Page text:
posted on Sep, 28 2016 @ 06:22 PM
a reply to: Vasa Croe
It's not a zero sum/all-or-nothing issue. People want police officers to treat all citizens fairly and enforce the laws equally. Law enforcement is
dependent on our tax dollars, too; just as they're supposed to protect and serve us, too.
But every step of the criminal justice system "coincidentally" treats minority suspects worse, from traffic stop percentages and average lengths of
convictions to prosecution rates and parole board release processes (you can read more
). At what point do these constant "coincidences" become recognized as a
pattern of systemic discrimination?
And ironically, what happens when citizens lose trust in law enforcement and the criminal justice system? They start taking matters into their own
hands. But how many people want to talk about that, much less why so many normal citizens in our communities have no trust in law enforcement and the
criminal justice system in the first place? Well, let's touch on that for a second.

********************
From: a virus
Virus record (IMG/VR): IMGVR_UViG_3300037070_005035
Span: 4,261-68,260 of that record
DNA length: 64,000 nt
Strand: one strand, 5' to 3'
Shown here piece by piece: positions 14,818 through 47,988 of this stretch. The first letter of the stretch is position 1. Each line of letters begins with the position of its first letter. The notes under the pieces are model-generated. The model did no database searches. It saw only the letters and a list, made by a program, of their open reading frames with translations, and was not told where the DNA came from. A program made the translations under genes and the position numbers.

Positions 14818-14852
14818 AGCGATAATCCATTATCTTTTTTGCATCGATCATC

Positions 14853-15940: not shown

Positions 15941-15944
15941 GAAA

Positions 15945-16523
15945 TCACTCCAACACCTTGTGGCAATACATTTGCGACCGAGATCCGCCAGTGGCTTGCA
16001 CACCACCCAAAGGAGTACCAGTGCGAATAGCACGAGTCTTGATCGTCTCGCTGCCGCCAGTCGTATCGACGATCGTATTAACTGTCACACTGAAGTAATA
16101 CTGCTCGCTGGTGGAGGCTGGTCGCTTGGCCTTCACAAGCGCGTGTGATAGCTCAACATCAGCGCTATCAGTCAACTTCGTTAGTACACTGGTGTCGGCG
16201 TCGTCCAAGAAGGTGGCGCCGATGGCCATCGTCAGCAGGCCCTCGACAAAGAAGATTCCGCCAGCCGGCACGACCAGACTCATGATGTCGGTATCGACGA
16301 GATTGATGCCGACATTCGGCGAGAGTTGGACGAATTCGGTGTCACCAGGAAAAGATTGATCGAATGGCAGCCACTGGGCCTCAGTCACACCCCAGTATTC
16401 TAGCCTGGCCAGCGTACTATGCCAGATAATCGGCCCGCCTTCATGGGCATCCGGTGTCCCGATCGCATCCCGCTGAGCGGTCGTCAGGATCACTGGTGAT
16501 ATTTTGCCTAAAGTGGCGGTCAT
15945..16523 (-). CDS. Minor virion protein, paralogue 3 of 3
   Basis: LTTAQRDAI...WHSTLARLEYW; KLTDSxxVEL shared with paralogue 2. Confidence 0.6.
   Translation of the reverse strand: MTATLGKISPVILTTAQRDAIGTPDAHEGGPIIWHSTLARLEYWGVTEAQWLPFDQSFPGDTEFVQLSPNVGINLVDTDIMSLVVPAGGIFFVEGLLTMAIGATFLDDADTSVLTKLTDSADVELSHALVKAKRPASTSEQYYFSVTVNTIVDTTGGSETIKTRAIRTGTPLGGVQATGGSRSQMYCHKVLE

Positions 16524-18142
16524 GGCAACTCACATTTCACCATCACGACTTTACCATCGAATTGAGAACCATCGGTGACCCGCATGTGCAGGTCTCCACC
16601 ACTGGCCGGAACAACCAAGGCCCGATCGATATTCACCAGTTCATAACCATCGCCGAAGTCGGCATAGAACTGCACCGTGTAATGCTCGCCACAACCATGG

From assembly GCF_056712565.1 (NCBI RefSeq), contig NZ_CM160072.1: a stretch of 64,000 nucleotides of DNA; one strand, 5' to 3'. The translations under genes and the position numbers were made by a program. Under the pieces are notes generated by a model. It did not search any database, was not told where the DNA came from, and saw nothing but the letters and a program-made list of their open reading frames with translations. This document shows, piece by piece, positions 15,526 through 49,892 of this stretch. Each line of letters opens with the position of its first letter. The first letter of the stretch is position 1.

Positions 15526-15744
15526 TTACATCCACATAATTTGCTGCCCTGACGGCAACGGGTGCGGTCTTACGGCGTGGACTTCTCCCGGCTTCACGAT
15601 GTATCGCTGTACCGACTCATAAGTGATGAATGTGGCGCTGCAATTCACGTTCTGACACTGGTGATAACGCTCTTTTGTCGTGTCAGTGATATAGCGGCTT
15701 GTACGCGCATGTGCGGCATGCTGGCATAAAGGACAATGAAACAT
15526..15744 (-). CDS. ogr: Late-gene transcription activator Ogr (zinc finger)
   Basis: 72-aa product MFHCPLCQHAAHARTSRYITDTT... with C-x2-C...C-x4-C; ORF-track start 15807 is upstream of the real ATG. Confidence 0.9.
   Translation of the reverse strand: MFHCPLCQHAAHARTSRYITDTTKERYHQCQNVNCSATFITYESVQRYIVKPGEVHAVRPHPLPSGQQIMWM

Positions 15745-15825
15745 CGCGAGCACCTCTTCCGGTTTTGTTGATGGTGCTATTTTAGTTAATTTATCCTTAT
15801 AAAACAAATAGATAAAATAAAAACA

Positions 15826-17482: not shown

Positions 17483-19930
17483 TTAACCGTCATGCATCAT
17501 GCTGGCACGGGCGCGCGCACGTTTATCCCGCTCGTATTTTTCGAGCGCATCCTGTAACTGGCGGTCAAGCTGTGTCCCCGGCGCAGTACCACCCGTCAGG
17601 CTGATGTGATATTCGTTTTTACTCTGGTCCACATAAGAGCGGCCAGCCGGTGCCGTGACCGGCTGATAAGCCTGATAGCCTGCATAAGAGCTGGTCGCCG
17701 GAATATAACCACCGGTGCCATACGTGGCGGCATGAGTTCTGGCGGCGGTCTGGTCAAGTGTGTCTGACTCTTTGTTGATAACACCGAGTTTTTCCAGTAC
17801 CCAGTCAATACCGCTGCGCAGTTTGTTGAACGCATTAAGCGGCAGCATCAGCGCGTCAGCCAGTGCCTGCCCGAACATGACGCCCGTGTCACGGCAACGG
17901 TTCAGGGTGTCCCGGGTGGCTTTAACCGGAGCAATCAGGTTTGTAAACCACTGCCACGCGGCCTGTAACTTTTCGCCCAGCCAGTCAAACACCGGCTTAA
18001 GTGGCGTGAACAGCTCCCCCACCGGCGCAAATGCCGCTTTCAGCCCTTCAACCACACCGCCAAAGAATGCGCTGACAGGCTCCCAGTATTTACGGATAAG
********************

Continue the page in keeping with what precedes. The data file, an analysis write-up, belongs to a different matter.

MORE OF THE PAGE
Some estimates say at least 6% of African American males in high crime areas are active informants for law enforcement.
At the federal level, fifty percent of drug defendants cooperate, but as explained above, this may be too high a percentage for state and
Criminal Informants and America’s Underground Legal System
That would mean that for the young black male population in these high-crime pockets of poverty, half of whom are under correctional
supervision, half of those are drug-related offenders, and one quarter of those—one in sixteen, or about six percent of the total—may actually be
cooperating with the government.
This is important to note because law enforcement is notorious for failing to protect witnesses in these areas. And far too often, the person being
"snitched on" is also on good terms with law enforcement officers, which means the information on who snitched "coincidentally" gets back to them.
This is especially true when corrupt police are involved, which typically involves officers and/or detectives accepting bribes and information in
exchange for allowing individuals and gangs to continue their illegal activities.
When you've seen these exact things go on for decades, it's hard to trust many members of law enforcement. The ones involved in this system seem to
protect the criminal elements (who coincidentally are also informants), and most of the others refuse to clean up the corruption in their own
department. And the law abiding citizens in the community get stuck having to deal with corrupt gangs, corrupt police, complacent police who allow the
corrupt police, and a justice system that will NEVER believe them over the word of those corrupt police. But when people talk about these issues
publicly, they "coincidentally" get shot and/or left in a burning car (like this thread